Get familiar enough with your patent applications, including the claims, abstract, and specification, to create Boolean search words and the classification that best describes your invention. For you to locate patents already in USPTO’s system, your search terms should be exact and comprehensive. Synonyms might be helpful. The USPTO website is an excellent resource for helping you navigate through the multitude of classifications. It may take trial and error before you find the right keywords and where to look.

1.1.3 Pay attention to any imperfections during the search process

While you may think your search is good, it’s likely not as detailed as what a patent examiner will. It’s because:

  • If you don’t publish pending applications, they won’t show up.
  • It is possible to search keyword searches for incorrectly classified patents in the databases.
  • Recent patents that have been granted won’t be immediately in the system.
  • Patent searches won’t uncover foreign patents.

1.2 Inventorship: What happens when there are multiple inventors?

The inventors have contributed to the conception and reduction of the practice of the invention. Conception is the creation, in mind, of a clear and permanent idea for a complete and operative invention. While the reduction to practice means that the claimed invention must work for its intended purpose, to be considered a co-inventor, each person must have contributed to at least one part of the invention’s claims.

One must have contributed to conception to be considered an innovator. However much energy and time they devote to the project, those who do not contribute to its conception are not considered inventors.

Many inventions result from collaborations between people whose contributions rise to the co-inventorship stage. It is not enough to follow the instructions of the inventor. A person hired to implement an inventor’s invention would, for example, be considered hired labor and is not considered a co-inventor.

1.2.1 How to correct improper inventorship

If you discover after filing that you have accidentally left out a Co-Inventor, or that you have failed to list a person who should be listed as a Co-Inventor, you may petition the PTO for corrective action. The supporting declarations of the other co-inventors will explain how the mistake was made. You must also agree to the proposed changes. According to 37 CFR.1.324, you will have to pay a petition fee to correct inventorship. The following is the list of items that you will need to include in your request:

  • (1) Each person adding as inventor must declare that the inventorship error occurred and is not deceptive.
  • (2) A statement from currently named inventors that has not submitted a declaration under paragraph (b(1). This section either agrees or disapproves of the proposed change.
  • (3) A statement by all assignees from the parties who have submitted a statement under paragraphs b(1) and b(2) of this section, agreeing to the change in inventorship in the patent. The statement must be consistent with of this chap.

1.2.2 How can you correct typos?

35 USC 256 Controls the Correction for named inventor.

(a) Correction: Whenever an inventor is listed in an issued patent by mistake or an inventor is not mentioned in an issued patent due to an error, the Director may issue a certificate correcting the error on the application of all parties and assignees.

(b) Patent is Valid Only If Error Corrected: If the error can be rectified as required in this section, it will not invalidate the patent. A court may order that the patent be corrected upon notice and hearing from all parties. The Director will issue a certificate.

1.2.3 Ownership

If you have co-inventors or joint inventors, each inventor shares patent ownership. “Each co-inventor may make, use, offer for sale, or export the patented invention within the United States without the consent and accounting to other owners.” This is similar to joint tenants of a house. Any co-inventor can use, make or sell the invention, but they must not pay anyone. The best way to avoid future conflicts is to have one voice when controlling the patent.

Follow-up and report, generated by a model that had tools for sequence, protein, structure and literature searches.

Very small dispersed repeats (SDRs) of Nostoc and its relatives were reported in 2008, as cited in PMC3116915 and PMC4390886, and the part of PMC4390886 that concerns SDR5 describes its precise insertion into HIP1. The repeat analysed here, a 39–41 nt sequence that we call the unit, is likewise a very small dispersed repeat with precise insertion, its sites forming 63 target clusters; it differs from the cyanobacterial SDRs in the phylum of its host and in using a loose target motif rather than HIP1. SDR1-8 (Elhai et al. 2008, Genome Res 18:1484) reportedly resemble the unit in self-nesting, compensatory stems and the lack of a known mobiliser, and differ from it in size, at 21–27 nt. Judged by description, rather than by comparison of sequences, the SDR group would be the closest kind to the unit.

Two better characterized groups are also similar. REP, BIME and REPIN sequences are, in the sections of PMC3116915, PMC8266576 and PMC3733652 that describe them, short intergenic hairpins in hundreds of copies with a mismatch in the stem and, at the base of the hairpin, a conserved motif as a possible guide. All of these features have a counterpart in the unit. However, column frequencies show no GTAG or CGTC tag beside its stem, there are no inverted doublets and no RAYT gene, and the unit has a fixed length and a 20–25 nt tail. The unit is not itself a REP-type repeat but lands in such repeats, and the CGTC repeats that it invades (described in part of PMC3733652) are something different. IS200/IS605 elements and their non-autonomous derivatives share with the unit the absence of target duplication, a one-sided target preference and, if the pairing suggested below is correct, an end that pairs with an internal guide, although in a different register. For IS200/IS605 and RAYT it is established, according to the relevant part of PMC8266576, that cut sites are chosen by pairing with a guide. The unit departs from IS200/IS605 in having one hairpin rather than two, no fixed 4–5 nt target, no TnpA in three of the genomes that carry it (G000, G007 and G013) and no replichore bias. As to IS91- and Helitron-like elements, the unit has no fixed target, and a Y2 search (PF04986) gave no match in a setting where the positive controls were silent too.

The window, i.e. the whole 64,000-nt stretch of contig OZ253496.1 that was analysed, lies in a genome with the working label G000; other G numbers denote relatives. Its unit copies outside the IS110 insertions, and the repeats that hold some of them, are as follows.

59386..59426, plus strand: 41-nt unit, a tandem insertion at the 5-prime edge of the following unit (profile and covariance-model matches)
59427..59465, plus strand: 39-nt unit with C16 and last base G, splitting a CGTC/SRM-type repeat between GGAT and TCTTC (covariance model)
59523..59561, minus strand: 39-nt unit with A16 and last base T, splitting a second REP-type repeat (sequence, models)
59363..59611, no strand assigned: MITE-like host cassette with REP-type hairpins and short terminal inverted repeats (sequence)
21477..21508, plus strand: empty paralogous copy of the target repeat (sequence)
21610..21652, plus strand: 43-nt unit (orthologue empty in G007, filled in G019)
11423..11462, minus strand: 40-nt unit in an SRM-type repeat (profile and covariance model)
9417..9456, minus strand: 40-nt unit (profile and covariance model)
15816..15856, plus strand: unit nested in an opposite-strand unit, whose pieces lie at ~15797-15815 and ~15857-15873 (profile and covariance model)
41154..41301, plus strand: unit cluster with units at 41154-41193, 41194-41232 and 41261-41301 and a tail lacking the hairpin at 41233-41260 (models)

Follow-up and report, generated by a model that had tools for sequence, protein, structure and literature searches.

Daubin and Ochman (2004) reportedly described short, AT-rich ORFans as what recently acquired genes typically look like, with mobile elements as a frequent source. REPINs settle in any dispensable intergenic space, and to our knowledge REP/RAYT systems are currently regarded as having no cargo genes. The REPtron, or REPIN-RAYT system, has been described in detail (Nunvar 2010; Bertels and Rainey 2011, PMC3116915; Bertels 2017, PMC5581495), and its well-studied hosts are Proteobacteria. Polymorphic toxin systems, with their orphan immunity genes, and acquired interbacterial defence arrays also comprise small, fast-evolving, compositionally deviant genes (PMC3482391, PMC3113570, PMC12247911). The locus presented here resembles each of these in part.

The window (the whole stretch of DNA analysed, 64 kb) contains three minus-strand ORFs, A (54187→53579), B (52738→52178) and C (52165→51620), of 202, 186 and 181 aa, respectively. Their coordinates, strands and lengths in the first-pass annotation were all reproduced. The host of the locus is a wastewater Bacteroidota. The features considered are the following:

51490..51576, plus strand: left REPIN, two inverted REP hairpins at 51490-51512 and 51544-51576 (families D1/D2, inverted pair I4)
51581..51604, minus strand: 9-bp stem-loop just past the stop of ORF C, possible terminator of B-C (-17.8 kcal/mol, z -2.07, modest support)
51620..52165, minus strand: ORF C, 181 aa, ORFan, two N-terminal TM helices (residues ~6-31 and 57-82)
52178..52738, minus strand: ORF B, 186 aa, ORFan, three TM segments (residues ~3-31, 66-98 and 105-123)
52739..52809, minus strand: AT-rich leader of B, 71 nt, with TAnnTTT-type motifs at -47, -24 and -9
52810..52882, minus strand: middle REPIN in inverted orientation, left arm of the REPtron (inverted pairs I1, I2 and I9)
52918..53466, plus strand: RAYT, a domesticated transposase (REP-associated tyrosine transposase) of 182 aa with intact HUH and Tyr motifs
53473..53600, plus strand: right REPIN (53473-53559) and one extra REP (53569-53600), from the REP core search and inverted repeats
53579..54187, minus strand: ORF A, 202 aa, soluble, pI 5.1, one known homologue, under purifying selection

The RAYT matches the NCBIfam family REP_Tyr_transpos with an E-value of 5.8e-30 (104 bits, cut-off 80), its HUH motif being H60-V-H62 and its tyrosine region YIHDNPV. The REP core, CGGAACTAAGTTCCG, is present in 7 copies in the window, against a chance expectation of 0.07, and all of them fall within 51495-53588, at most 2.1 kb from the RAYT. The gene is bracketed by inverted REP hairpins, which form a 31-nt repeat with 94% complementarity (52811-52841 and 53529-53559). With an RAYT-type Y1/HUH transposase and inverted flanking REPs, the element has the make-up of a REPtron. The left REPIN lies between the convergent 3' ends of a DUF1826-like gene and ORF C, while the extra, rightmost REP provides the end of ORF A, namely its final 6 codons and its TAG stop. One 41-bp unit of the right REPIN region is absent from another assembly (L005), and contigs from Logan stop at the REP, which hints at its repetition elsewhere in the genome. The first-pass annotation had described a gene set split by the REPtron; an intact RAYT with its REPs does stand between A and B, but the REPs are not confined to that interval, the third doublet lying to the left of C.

1.3 How do you protect your ownership when you hire consultants to help with your invention?

• Consultants who assist the inventor should sign a contract to assign all rights to the inventor.
• it is necessary to assign them to the company to protect the rights of the company’s co-inventors,
• If multiple inventors claim joint ownership, they should sign an Agreement (JOA). It outlines how revenue should be divided and how to resolve the dispute.

1.3.1 Agreement with a Consultant

A Consultant’s Agreement should be signed by anyone who is only helping the inventor. This agreement allows the person to assign all rights to the invention to themselves.

1.3.2 Joint Ownership Agreement (JOA)

A JOA is a way to prevent problems from arising from shared finances. For example, who owns what financial shares in the invention? Common is for co-inventors to assign the company. A JOA may be used if no company is available to receive the assignment of all inventors. A JOA usually:

  • Prevents one inventor exploitation of the patent without consent from the others. If they are unable to reach an agreement, however, most inventors may act.
  • This document contains a process for resolving disputes.
  • Includes information about how to split any revenue. It is usually proportional with the inventor’s expenses.
  • Informs inventors about the steps to create and market their invention.

1.4 Does your employer own rights to your invention

Your employer may require you to transfer your invention rights if you are hired to invent products or create new ones. When you find yourself in such a situation, it is advisable to consult a lawyer. For example, this could happen in the following situations:

  • An employment agreement was signed before the invention. This agreement is sometimes known as a “preinvention agreement.” Usually, the agreement contains a clause that allows you to surrender your invention rights. This includes inventions you have created at home or in your spare hours. Make sure to read the entire agreement.
  • You were explicitly hired or employed to invent. The precedent of the US Supreme Court states that you don’t need to sign a separate agreement by your employer for this.
  • Your employer bought shop right, which gives you a limited, nontransferable patent right to use the invention exclusively for your business. You must have created the invention using resources provided by your employer (e.g., time, the computer, equipment, or supplies).
  • You work at a college/university and have given the school permission to invent any inventions you make with its resources.

1.4.1 If your employer doesn’t want to submit your invention

You can request a release from your employer if you have told your employer about your invention, but the company isn’t interested. A release is a document that allows the employer to return your invention.